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FEATURE STORY May 29, 2020

How Ecuador is using text messages to improve children’s health

A pilot program that used text messages to relay information and encouragement to caregivers in an impoverished region of rural Ecuador significantly improved the nutrition and health of children.

© World Bank

Can text messages save lives? 

That was the question World Bank researchers asked themselves for more than a year in Chimborazo, a rural region of Ecuador. High in the Andes mountains, Chimborazo is home to a large indigenous population living in small villages separated by miles of rough, unpaved roads. More than half of the region’s households live in poverty. There is little access to clean water and bathrooms. Nutritious food is in short supply. 

In 2012, nearly half of children in Chimborazo suffered from childhood stunting, where chronic malnutrition slowed their development. The stunting rate in Chimborazo was the highest in Latin America and comparable to the Sub-Saharan African countries of Botswana, Ghana, and South Africa.

In Chimborazo, taking children to health checkups often requires traveling long distances on rough roads. As a result, mothers often did not know when to integrate solid food into their children’s diets, despite years of efforts by the Ecuadorian government to promote the use of vitamins and supplements. 

Starting in 2013, World Bank researches fanned out across Chimborazo and found that most children under 3 in rural areas rarely attended health checkups, so they tried another way to get the information to them. Caregivers in the study were enrolled in nutrition and monitoring programs through local health clinics. But researchers recognized that when participants went home, they often did not continue the nutrition and hygiene regimen. So they received positive, encouraging text messages, personalized to each participant and their children.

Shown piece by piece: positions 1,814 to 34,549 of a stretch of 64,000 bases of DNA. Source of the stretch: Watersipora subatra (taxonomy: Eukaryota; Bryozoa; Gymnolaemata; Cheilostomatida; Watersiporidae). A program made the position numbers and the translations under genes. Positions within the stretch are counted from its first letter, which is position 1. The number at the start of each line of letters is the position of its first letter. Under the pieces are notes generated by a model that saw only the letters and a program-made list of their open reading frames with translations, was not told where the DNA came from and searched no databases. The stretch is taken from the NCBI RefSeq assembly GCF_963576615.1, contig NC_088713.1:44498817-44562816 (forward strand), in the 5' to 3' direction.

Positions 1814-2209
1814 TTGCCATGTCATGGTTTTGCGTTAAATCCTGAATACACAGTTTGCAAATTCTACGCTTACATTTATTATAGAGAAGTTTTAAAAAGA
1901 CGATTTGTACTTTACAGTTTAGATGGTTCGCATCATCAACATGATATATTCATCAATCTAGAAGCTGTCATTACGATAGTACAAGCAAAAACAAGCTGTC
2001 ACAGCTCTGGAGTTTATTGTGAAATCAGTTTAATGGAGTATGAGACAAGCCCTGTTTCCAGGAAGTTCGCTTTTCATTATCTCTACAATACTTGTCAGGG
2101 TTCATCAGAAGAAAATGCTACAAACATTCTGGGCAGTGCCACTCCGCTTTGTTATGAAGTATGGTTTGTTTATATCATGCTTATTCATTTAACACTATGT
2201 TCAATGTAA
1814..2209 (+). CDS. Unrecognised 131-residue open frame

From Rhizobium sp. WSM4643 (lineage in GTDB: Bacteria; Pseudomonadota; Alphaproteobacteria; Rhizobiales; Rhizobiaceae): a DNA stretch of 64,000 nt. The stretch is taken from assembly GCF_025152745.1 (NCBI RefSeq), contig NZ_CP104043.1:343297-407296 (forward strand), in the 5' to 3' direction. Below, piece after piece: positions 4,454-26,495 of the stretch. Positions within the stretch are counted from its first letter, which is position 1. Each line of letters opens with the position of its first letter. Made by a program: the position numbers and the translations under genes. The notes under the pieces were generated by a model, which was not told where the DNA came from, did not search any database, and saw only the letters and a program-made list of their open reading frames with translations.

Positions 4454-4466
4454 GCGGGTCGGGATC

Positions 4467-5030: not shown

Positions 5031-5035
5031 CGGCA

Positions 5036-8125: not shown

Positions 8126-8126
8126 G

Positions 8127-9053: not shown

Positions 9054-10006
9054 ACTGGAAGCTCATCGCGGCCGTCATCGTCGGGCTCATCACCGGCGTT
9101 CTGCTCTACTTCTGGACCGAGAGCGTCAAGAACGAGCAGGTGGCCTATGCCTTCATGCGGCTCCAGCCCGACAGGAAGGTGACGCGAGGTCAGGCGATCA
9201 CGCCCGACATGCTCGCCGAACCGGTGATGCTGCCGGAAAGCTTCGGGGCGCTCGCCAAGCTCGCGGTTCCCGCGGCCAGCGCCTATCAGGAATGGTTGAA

For 14 months, 2,000 families received regular text messages — as many as two a week – encouraging mothers and other caregivers to take their children for regular checkups, use iron supplements and micronutrients provided by the government, boil water to make it potable, wash their hands regularly, and improve food preparation and hygiene.A control group or another 1,000 families received no text messages. 

Taking into account difficulties with phone service, the children under 2 of families who received texts gained weight, and the prevalence of respiratory illnesses decreased by 29 percent. The number of children who developed fevers requiring hospitalization went down 9 percent. Children whose caregivers got the text messages also reported an improvement in overall child health.

Mary Abarca, a mother of two in the Chambo district, found the text messages useful, including instructions on how to wash and cook food and reminders about hygiene and nutrition. “Through technological advances, we can inform ourselves and communicate,” she said. 

Mary’s experience tracks with what World Bank researchers learned about the power of texting to communicate across the region. 

“What we found is that texting is not, of course, a solution to any of this on its own. It is a complement,” Ana Maria Oviedo, World Bank Senior Economist explained. “It cannot solve the structural problems of malnutrition, but it can encourage the parents or the caregivers to behave a little bit differently, to change their behavior so that, within constraints, they actually do their part.”